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Quiet Room opens at Whidbey General Hospital

Whidbey General Hospital
Whidbey General Hospital's new Quiet Room was designed to be spot of solitude a reflection in a busy hospital.
— image credit: Rick Levin

A gorgeous new addition to Whidbey General Hospital will afford patients and their families a quiet place to meditate, pray or simply seek needed respite from the stress and strain of everyday life.

Over two years in construction, the Quiet Room finally opens to the public Monday, following a Sunday reception and dedication at 3 p.m. for donors and hospital staff.

This new facility at WGH, which was designed by architect Jackson Carter and built entirely by donations at a cost of about $146,000, is perhaps the most prominent physical example of the hospital’s “Patient First” program, a guiding philosophy prompting health providers to take a holistic, “whole patient” approach to medical care and treatment.

Located just off the hospital’s new main entrance, the Quiet Room is a gentle, cylindrical structure with high ceilings and rounded plaster walls painted in muted beige tones. There are no sharp edges, nothing to jar the senses. An intricate lacing of slatted woodwork slopes overhead like an unraveling helix.

A number of strategically placed windows in the room — some just small slits of glass and one that runs from floor to ceiling — allow different nuances of light into the room as it revolves around the sun. Just outside will be a fountained pond, fed solely by rainwater.

According to Anne Pringle, president of the Whidbey Island Hospital Foundation which raised money for the project, the whole idea of the room is to inspire peace, quiet and spiritual mediation for individuals of all faiths.

“The idea was to have a room where people could get away from the hustle and bustle of the hospital,” Pringle said Wednesday. “It’s very private.”

Elaine Carty, a nurse who specializes in infection control and also runs the hospital’s spiritual care program, said the room was uniquely designed to promote peace of mind in an environment that isn’t always conducive to such states. “Sometimes people are in the hospital for happy things, but the majority of the time it’s pretty stressful,” she said, adding that during trying times patients and their families need to remove themselves to a calm, comfortable space.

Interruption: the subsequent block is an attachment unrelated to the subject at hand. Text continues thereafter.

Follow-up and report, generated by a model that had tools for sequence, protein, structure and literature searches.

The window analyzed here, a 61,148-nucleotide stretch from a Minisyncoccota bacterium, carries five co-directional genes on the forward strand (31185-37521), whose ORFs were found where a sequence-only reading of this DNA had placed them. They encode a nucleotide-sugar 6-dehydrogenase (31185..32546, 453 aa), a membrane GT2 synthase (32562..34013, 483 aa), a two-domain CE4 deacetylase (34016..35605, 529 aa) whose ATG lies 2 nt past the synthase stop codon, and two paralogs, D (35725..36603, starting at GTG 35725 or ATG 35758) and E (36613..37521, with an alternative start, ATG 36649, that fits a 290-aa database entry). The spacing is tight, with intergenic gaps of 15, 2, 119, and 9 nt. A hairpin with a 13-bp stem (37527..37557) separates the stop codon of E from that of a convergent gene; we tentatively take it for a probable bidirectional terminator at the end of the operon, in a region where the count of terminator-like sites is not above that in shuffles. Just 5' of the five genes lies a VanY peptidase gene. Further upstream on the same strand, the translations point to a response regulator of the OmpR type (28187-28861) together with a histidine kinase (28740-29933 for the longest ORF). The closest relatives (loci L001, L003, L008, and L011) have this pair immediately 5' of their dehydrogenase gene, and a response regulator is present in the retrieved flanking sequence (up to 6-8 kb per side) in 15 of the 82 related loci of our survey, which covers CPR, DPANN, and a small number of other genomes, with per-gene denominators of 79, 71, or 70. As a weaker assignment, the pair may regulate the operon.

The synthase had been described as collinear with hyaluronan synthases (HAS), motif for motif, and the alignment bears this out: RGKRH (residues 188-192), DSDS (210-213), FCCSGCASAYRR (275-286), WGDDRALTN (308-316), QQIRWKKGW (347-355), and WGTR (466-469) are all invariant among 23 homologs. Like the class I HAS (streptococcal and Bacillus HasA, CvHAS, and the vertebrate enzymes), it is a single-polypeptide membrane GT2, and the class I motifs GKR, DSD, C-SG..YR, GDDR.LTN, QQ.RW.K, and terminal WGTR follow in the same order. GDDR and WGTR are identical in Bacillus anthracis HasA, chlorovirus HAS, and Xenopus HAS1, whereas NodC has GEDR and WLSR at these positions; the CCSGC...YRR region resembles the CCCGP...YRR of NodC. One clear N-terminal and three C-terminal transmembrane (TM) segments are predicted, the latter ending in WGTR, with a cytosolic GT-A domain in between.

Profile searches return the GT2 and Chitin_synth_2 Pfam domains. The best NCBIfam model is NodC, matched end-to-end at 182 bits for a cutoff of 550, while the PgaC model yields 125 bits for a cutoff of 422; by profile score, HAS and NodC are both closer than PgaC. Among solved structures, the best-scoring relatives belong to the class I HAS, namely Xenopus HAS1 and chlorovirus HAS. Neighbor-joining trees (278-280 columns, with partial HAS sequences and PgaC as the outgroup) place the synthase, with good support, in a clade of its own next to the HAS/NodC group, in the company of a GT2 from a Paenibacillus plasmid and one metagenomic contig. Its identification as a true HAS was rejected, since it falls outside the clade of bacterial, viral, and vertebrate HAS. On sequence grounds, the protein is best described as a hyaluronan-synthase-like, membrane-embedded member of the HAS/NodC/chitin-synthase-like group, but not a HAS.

“This is a place where you can come and be a part of that and look for some inspiration and comfort,” Carty said. “It’s just supposed to be a very comfortable room.”

She said the smaller windows in the circular room were meant to afford privacy as well as light, so people don’t feel like they’re in a “fishbowl.” However, the rounded walls do have an added philosophical significance.

“It’s a circle of life,” Pringle said, noting that the room’s prominence in the overall lay-out of the hospital “indicates it’s importance.”

Once completely furnished, the Quiet Room will contain a number of cozy chairs that can be moved around as needed, as well as a specially designed cabinet that will contain a number of spiritual objects such as a cross. Organizers also are considering putting in a CD player for music. The ceiling lighting, yet to be put installed, will be soft and unobtrusive.

Pringle said Whidbey General CEO Scott Rhine and other staff members first conceived of the idea a few years back, when it was noted that the hospital was lacking a designated space for folks to seek solitude and quiet. After the plans were drawn up, the money was raised within a year’s time, Pringle said, with money coming from staff, churches, corporate donors and individuals. Significantly, no tax dollars were used at any phase of the room’s construction. About 165 donors in all helped make the project a reality.

“It seemed to strike a chord with people in the community,” Pringle said. “This is an effort that was greeted very well. The community was very enthusiastic about it.”

Pringle reserved extra special praise for Bob Wolfe, who chaired the Quiet Room committee and who, Pringle added, was “the real driver” behind the fundraising effort. Along with such tireless workers as WGH nurse Patsy Kolesor, WGH building supervisor Dave Riley, interior designer Julie Joselyn and countless others throughout the community who donated their time and money, the committee was able to bring the whole project to fruition.

Alexandria Louden, executive director for the hospital foundation, said she’s been amazed at the support that has gathered behind the idea of the Quiet Room. “There have been so many people who have volunteered to work on this,” she said, adding that folks ran the gamut of fundraising activities from bake sales to bringing power-point presentations to various corporate sponsors and organizations.

However, Louden said the most important donation the committee received was from a little girl who gave a single dollar, which the Tooth Fairy had left under her pillow.

By the time of Sunday’s reception, a series of plaques will hang outside the Quiet Room with a full list of donors’ names etched in glass.

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